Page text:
Clearly, I’m not alone in feeling overwhelmed. After my last post — a cry for help in managing overwhelm — many people got in touch with me.
Through email, phone calls, Facebook and comments at the end of the post, I heard from many of you. And I’m excited to share the things that have already made a big difference.
Sanebox: A System for E-Sanity
Melea Seward’s suggestion of sanebox.com wins the prize!
Sanebox is a remarkable app that looks at the patterns of your hundreds of thousands of past emails and comes up with a magic formula that sorts out the emails you want to read when they come in and the ones you either don’t want to read or are happy to wait til later to read.
Then, Sanebox sets up the system for you — you get only what you need and want to read in your inbox and all the rest in a “Later” folder. Presto! with the click of a button, I no longer spend hours every day wading through my inbox and doing my own triage. I never realized how long that took.
I feel a huge relief. Not only have I gained at least an hour or more a day, but I feel less distracted and frazzled. Easy and free. Sanebox.com. WOW!
Getting Things Done: Action-Based Life Management
Then, on the recommendation of several people, I got David Allen’s book, Getting Things Done. My young friend Brigid Ganley recommended this book to me a couple years ago, but I didn’t pursue it. Now I wish I had!
What’s so special about David Allen’s approach to organizing your life? It’s action-based, not time-managed.
I’ve never been a Daytimer kind of gal. I just can’t track my day by time. I can’t predict how long things will take and I don’t want to be boxed in when what I enjoy most is a sense of flow.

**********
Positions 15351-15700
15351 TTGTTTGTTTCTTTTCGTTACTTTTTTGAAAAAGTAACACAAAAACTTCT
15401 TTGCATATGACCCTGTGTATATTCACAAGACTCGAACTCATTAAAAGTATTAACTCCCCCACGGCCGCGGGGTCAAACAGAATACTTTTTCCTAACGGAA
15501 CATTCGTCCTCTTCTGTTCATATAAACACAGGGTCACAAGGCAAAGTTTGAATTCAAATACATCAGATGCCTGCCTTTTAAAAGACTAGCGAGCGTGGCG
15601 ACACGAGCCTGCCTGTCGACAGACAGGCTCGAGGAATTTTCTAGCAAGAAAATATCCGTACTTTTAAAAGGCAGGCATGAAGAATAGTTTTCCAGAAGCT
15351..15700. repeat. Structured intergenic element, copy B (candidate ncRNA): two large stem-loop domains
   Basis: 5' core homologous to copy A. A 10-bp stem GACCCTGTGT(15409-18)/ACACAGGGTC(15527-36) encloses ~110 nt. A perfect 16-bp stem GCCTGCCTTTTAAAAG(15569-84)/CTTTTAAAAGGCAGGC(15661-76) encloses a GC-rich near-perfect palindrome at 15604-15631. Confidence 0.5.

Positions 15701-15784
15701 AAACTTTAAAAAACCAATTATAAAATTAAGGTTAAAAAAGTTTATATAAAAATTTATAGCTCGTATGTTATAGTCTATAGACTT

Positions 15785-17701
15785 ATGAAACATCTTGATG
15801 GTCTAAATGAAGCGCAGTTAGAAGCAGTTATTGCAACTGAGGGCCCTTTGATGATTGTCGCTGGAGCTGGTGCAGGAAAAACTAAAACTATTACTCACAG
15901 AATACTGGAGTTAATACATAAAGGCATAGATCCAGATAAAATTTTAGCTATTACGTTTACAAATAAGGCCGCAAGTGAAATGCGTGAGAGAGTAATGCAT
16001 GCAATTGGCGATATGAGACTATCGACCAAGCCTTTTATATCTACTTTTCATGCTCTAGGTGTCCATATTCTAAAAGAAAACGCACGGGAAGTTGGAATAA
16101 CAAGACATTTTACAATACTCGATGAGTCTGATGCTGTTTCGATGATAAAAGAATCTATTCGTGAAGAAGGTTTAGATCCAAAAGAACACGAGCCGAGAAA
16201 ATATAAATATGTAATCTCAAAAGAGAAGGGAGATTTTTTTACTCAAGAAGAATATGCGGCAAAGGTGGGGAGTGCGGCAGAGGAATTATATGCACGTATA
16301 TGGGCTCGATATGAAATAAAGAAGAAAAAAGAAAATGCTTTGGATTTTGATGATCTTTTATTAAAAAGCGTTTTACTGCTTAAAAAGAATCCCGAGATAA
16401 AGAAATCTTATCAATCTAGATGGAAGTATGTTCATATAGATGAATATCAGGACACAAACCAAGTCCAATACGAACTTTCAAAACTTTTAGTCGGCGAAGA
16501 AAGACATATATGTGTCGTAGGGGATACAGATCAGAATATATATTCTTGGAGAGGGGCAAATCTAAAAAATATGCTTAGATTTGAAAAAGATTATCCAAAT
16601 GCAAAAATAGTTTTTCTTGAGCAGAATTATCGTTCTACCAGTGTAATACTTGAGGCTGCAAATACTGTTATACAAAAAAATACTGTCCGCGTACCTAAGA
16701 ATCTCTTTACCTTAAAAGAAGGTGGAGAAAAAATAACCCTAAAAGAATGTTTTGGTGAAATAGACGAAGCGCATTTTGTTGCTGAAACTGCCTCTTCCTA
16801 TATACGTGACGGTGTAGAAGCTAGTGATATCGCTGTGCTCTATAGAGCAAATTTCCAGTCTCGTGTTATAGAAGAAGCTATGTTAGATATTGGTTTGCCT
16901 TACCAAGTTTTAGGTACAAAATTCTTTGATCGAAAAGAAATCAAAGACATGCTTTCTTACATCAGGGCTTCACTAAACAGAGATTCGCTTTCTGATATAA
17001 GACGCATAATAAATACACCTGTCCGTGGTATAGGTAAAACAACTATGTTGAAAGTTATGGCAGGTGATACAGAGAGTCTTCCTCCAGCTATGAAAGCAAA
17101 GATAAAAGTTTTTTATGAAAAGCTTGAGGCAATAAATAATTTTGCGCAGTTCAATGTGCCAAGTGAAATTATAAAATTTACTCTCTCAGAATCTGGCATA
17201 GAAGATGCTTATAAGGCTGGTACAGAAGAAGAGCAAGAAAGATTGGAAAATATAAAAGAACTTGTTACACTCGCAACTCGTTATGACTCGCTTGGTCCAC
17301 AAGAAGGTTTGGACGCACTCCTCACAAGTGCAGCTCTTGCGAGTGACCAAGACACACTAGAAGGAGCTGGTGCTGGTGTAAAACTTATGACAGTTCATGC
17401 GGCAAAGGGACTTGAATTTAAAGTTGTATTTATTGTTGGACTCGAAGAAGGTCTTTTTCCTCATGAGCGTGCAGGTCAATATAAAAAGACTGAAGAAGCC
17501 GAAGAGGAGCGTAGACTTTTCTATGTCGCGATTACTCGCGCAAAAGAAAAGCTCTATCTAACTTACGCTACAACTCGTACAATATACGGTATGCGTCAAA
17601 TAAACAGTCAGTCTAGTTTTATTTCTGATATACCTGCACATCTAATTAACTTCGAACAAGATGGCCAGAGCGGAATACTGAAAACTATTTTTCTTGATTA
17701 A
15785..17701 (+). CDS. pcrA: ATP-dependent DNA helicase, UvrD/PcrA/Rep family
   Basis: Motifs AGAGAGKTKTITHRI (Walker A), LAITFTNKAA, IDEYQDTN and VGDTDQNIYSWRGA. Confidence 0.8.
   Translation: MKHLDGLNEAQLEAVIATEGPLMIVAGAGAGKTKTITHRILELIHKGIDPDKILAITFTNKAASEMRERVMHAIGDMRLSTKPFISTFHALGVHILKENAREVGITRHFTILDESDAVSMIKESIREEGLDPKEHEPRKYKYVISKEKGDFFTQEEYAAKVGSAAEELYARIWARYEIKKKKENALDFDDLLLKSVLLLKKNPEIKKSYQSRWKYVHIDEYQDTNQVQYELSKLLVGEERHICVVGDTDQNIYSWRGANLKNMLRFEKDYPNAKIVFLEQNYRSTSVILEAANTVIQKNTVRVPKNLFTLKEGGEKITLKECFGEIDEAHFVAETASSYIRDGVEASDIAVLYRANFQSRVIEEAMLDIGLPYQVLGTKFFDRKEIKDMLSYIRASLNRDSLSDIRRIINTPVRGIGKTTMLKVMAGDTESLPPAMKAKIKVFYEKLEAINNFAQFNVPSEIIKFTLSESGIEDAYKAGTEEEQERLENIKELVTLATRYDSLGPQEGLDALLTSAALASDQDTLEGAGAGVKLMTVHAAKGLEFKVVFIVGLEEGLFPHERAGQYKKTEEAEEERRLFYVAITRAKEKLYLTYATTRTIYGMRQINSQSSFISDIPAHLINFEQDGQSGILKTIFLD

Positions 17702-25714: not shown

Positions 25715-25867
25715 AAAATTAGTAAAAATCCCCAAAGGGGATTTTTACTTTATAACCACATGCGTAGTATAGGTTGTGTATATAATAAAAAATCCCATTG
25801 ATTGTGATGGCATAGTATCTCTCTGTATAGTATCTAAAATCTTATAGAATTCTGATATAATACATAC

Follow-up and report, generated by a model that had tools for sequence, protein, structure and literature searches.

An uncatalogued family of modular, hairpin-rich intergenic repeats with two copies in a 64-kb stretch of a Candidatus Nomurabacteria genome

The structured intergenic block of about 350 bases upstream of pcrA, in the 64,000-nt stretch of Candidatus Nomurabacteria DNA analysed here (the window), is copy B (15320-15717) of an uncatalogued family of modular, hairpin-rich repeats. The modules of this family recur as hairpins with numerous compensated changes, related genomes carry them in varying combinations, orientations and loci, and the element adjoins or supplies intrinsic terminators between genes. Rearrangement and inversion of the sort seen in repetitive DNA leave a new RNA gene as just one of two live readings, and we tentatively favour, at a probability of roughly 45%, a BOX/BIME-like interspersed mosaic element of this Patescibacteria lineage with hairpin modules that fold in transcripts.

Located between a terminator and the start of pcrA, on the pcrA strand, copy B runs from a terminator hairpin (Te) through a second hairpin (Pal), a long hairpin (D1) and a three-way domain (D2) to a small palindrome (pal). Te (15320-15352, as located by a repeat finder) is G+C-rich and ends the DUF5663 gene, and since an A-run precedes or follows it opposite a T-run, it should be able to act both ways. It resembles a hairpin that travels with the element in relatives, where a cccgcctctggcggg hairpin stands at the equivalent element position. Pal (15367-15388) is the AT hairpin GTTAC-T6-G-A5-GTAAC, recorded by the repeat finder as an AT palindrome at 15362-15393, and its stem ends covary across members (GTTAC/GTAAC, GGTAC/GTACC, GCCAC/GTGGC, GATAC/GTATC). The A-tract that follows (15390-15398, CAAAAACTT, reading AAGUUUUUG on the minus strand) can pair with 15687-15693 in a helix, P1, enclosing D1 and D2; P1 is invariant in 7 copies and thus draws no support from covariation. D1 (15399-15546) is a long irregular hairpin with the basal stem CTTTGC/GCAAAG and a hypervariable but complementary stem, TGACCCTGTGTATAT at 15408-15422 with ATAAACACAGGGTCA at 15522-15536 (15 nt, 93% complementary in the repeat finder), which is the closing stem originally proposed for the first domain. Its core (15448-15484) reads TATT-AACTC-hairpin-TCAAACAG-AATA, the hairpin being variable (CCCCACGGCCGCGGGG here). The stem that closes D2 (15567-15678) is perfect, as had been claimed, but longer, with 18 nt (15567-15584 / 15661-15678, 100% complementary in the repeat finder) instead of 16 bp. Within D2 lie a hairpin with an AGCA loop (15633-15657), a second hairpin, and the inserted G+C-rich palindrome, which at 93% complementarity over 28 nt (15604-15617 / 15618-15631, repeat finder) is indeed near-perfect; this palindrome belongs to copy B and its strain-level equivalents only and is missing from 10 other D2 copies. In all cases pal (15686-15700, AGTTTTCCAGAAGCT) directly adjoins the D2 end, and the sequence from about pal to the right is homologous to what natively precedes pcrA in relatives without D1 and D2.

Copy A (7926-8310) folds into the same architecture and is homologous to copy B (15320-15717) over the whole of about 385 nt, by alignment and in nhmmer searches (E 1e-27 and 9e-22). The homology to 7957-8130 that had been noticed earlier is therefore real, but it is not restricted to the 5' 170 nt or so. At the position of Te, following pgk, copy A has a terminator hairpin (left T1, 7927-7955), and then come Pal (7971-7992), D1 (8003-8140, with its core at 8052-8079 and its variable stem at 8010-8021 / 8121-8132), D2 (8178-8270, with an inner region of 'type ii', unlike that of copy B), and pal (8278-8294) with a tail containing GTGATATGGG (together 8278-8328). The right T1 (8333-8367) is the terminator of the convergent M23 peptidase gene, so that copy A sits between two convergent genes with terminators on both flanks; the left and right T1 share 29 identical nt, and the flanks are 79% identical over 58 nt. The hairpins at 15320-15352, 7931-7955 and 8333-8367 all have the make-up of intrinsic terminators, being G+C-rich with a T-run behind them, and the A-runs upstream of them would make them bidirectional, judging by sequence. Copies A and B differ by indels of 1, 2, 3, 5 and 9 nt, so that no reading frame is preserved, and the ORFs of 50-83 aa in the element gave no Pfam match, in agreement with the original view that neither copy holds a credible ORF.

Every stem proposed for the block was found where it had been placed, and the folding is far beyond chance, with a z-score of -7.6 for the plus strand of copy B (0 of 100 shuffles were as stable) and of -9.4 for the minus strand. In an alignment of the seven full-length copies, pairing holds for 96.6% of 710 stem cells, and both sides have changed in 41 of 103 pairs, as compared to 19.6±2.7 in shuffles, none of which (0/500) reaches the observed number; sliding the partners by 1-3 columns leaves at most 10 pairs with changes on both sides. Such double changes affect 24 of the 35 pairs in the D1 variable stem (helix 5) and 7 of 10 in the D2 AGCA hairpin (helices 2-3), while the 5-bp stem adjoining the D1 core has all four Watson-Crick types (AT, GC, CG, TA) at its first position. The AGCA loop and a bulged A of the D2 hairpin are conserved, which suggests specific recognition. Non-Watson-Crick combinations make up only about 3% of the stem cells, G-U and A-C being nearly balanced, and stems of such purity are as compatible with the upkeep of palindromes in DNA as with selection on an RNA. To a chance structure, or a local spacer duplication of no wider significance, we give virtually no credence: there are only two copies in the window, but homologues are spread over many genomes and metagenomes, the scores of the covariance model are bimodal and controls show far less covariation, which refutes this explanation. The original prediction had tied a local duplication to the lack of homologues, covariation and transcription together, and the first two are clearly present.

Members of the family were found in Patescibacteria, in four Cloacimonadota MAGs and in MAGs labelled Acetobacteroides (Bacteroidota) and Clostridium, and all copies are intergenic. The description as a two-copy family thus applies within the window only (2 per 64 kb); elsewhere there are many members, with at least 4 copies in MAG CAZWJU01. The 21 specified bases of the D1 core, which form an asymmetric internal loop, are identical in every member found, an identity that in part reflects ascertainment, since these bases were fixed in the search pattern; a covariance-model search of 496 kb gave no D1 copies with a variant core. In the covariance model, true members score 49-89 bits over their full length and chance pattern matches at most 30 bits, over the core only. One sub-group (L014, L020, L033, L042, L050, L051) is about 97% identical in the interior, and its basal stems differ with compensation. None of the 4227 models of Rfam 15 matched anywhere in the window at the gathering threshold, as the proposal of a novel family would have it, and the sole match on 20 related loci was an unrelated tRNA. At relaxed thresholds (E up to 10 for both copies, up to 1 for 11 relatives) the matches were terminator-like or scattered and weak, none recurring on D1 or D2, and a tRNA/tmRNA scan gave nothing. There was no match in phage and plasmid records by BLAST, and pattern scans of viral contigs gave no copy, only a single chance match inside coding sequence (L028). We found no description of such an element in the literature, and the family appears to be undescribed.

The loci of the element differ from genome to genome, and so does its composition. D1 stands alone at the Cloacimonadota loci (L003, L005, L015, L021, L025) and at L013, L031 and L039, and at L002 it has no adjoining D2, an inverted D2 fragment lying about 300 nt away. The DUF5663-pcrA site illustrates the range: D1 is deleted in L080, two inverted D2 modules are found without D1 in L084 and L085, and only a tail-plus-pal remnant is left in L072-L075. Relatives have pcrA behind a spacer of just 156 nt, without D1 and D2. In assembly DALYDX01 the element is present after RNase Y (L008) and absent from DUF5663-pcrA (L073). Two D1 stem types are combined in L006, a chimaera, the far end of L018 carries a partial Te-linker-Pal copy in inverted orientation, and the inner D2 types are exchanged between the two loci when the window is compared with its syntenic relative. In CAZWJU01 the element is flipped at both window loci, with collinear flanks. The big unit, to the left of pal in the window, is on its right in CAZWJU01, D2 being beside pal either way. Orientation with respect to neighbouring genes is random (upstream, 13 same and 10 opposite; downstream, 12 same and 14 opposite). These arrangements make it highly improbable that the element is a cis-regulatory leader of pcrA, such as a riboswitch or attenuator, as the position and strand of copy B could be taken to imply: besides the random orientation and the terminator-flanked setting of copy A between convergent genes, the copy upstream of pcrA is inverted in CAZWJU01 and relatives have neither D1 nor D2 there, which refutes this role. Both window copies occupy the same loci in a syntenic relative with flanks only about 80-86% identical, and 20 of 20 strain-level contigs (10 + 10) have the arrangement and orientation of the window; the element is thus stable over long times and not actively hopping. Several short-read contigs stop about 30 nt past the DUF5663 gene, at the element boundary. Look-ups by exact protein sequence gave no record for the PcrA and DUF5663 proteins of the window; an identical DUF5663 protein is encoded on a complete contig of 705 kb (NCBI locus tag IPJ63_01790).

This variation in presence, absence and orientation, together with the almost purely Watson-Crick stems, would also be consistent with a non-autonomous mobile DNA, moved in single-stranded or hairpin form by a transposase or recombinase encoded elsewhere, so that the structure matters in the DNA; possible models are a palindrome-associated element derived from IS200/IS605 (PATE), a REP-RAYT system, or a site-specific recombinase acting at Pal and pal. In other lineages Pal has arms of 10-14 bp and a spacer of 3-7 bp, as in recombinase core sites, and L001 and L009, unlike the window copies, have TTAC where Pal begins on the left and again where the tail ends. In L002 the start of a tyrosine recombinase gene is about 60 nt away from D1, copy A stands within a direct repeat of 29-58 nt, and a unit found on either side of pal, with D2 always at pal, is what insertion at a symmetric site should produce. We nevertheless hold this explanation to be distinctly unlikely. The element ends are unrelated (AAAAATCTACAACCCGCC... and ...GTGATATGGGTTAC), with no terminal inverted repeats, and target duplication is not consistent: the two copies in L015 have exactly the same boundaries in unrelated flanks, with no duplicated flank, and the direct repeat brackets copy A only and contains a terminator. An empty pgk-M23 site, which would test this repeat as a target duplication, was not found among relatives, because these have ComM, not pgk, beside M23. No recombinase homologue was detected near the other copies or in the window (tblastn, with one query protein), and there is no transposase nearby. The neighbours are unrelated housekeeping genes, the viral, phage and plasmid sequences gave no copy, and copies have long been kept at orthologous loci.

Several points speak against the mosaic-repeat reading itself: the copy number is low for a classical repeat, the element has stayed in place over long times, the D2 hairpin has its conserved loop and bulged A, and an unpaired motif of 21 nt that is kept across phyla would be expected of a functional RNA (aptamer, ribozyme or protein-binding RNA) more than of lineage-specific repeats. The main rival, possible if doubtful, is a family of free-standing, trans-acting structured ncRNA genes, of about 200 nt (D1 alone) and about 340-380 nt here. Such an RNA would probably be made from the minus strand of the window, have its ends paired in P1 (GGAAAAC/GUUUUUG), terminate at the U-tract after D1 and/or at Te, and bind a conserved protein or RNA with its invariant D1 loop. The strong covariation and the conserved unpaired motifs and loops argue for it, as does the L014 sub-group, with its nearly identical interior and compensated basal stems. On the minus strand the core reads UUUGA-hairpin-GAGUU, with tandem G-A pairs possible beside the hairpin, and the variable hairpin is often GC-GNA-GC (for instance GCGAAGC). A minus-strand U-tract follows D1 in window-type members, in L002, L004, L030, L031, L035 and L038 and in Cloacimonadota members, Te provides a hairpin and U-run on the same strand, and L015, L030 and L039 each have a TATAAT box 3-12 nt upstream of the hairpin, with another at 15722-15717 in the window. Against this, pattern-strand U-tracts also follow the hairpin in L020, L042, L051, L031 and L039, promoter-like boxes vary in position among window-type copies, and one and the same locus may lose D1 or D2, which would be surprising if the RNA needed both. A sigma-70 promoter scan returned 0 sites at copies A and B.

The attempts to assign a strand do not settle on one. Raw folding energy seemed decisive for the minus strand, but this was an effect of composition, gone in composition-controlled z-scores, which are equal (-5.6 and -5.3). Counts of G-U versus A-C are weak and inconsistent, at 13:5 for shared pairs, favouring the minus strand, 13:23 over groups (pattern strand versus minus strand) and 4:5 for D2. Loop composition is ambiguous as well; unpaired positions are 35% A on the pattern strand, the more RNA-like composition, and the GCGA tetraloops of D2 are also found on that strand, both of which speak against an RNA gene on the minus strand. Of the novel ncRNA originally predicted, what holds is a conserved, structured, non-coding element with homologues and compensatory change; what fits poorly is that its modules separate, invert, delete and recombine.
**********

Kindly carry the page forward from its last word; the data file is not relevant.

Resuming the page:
So when I read the action-based, next-step approach of organizing my life in Getting Things Done, it was like a balm to my spirit. I felt a bit like I was doing Yoga.
His system feels intuitive. And that’s his point. He’s simply created a way of working that’s in line with the way most people work naturally.
Trello: Lists to Hold it All Together
Finally, I’ve set up Trello boards — thanks to Danielle Jackson for getting me started on this.
Trello.com is a fantastic list system that lets you create boards for your lists. Each board has cards that can be moved easily from one board to another. You can add a checklist, calendar entry and/or attachments to any card. And best of all, you can forward emails to Trello Boards. So when there’s an email with something you’ve got to do, you just send along and it creates new to-do card. I’ve set up my boards on a system that David Allen suggests.
I’m not quite all together yet, but with everyone’s help, I’m feeling better, clearer, calmer and more productive.
Thank you so much to all who chimed in to offer their suggestions and compassion. I’m so glad I asked for help. The process of asking helped me better understand my need. And the responses reminded me that I’m not alone!
Ask for Help When You Need It
It’s easy to imagine that you’re alone in what’s troubling you. But that’s seldom the case. Have the courage to ask people for help when you need it. You may find, as I did, that not only do many people experience the same challenges, but they are more than happy to help. You may even discover some amazing solutions to your problems that you never would’ve found otherwise.
Do you feel uncomfortable asking for help? What’s holding you back? Let me know in the comments — I’d love to repay the favor and help you, if I can.